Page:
The Restaurant Group (which I’ll shorten to TRG) joined the model portfolio in early 2016, shortly after the company published some very upbeat 2015 results.
Revenues were up 8% while earnings and dividends per share were up 13%, continuing the company’s long track record of impressive results.
But then things started to go wrong in its core restaurant business (TRG also runs pubs and airport concessions, and these continued to perform well).
Initially this was put down to operational issues, such as a lack of focus on value and service. But despite operational improvements over the next couple of years, like-for-like sales continued to fall.
By mid-2018, management admitted that TRG’s problems were structural rather than cyclical.
Key problems included reduced footfall at restaurants in out-of-town retail parks (thanks to the shift to online shopping), increased competition from other branded restaurants, new food delivery aggregators (e.g. Just Eat) and increasing costs such as the minimum wage, rent and business rates.
Management’s solution was to acquire Wagamama, a high growth pan-Asian restaurant chain. This would bring economies of scale and allow TRG to convert underperforming sites into Wagamamas.
However, Wagamama does not solve TRG’s fundamental problems which are, in my opinion, a lack of competitive advantages, a tendency to sign long leases and (thanks to Wagamama) high debts.
For these and other reasons I have decided to sell TRG this month, with the following less than stellar results:
Purchase price (adjusted): 257p on 11/04/2016
Initial position size: 3.9%
Sale price: 137p on 05/11/2019
Holding period: 3 years 7 months
Capital gain: – 46.9%
Dividend income: 15.7%
Annualised return: – 12.0%
The slowing UK economy revealed TRG’s underlying weaknesses
Note: You can download the original pre-purchase review (PDF) which was published in the April 2016 issue of my monthly newsletter.
Obviously this is not a great result, so in the rest of this post-sale review I’ll focus on TRG’s underlying weaknesses and how they became much more visible after I began lease-adjusting ROCE (returns on capital employed) a couple of months ago.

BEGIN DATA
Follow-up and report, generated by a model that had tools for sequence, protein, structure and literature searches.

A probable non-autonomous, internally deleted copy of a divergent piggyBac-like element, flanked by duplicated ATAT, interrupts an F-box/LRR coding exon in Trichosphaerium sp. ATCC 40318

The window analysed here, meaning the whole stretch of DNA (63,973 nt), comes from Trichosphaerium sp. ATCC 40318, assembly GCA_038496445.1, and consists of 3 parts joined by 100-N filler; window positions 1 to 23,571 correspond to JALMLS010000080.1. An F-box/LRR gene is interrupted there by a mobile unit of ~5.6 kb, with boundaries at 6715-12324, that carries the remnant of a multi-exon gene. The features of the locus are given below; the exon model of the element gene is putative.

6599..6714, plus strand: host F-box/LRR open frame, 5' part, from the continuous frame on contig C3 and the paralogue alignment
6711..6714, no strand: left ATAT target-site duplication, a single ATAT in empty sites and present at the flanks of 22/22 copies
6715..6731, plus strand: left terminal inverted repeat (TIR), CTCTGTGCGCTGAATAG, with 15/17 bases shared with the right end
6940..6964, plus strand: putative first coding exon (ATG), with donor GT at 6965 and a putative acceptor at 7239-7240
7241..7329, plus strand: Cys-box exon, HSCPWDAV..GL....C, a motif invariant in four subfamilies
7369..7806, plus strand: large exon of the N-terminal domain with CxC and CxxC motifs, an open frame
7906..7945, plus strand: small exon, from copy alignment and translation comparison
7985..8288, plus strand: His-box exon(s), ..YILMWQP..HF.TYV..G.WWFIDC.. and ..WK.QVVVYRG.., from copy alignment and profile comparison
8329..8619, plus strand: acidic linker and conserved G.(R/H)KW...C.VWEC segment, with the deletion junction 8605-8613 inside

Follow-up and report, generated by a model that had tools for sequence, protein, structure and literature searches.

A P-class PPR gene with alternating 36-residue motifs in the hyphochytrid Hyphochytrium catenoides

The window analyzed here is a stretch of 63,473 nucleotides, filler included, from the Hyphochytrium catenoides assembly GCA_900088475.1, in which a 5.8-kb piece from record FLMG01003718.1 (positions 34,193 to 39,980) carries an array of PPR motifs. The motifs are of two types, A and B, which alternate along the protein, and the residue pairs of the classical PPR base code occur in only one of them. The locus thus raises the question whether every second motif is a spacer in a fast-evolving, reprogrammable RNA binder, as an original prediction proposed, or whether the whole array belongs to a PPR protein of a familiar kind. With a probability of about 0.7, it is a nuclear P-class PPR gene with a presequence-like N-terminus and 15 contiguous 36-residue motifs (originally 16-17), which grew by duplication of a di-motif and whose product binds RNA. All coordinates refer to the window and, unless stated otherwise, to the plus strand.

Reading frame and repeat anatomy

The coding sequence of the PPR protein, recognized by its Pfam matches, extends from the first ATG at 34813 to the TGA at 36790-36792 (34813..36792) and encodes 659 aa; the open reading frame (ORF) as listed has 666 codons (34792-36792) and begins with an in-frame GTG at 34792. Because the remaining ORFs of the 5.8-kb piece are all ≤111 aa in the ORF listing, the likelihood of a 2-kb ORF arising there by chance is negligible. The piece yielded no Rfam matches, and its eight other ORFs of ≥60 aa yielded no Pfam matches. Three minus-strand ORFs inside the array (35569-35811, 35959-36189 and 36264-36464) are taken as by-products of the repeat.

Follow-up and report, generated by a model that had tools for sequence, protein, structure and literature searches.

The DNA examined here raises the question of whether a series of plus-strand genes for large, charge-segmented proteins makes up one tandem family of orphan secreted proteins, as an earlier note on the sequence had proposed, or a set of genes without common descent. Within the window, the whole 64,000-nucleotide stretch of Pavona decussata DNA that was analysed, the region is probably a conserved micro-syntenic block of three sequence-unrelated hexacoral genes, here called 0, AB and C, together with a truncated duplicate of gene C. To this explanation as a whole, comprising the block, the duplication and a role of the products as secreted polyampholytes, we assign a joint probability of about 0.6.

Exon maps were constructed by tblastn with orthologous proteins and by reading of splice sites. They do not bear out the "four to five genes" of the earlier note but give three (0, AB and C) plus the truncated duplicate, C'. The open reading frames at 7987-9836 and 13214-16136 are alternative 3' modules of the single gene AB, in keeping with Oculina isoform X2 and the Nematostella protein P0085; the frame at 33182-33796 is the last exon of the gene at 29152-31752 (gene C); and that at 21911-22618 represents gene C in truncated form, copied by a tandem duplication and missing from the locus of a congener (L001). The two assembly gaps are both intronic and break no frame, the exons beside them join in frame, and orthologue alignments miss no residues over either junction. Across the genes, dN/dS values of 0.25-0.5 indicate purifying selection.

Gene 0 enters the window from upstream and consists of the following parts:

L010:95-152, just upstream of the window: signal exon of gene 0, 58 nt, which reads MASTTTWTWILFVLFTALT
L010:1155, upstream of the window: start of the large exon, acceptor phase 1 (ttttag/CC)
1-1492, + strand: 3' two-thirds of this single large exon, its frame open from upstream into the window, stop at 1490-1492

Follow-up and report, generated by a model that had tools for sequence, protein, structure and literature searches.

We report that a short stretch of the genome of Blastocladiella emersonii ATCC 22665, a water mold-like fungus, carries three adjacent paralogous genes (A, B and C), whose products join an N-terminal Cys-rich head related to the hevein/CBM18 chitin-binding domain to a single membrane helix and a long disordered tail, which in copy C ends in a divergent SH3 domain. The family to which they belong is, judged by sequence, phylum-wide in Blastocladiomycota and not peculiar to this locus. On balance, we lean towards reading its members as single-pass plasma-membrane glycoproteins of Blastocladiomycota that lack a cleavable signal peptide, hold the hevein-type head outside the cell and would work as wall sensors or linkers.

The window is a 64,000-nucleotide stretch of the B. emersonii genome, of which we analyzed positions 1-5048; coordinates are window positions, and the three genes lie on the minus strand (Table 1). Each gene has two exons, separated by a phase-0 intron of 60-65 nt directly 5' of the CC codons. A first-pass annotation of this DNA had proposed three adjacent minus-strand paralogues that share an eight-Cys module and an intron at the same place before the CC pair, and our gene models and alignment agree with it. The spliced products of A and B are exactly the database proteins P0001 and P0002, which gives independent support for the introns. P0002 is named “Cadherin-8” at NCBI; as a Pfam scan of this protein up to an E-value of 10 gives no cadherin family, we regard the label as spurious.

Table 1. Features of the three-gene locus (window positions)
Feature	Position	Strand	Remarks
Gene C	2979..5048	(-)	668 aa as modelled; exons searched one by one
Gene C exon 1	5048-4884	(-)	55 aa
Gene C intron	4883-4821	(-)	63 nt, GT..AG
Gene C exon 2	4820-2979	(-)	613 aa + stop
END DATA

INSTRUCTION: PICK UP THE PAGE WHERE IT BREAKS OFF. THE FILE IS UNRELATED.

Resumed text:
But first, here’s a quick review of this investment from beginning to end.
Up to 2015, The Restaurant Group had producing rapid and extremely steady growth
When TRG joined the model portfolio in early 2016, its track record was almost second to none. Revenues, earnings and dividends had increased almost every year over the previous decade, giving the company an average annual growth rate of 10%.
This growth had been driven primarily by an increase in the number of restaurants, food-focused pubs and airport concessions operated by the business, from a total of 284 in 2006 to more than 500 in 2015.
Overall TRG looked like a very strong business, with high profitability (average returns on capital of 19%), well-known brands, very little debt and no pension liabilities. The valuation multiples looked attractive too, with a 4.4% dividend yield to go along with its ten-year average dividend growth rate of 12%.
This is what impressively consistent growth looks like
Of course, it wasn’t all good news otherwise the dividend yield wouldn’t have been so high.
The company’s 2015 results mentioned economic uncertainty from the Brexit referendum, an increase in competition from other branded restaurants and pubs, and a decrease in footfall at some of its out-of-town retail park sites thanks to the growing trend for online shopping.
Another headwind was costs, with above-inflation increases to the National Minimum Wage and the introduction of the higher National Living Wage. These negative factors had already led to a like-for-like sales decline of 1.5% and a near-50% decline in TRG’s share price (before it joined the portfolio).
Management’s opinion was that most of these factors were either short-term or could be dealt with by providing a better service, improved menus, improved efficiency and reduced costs through technology.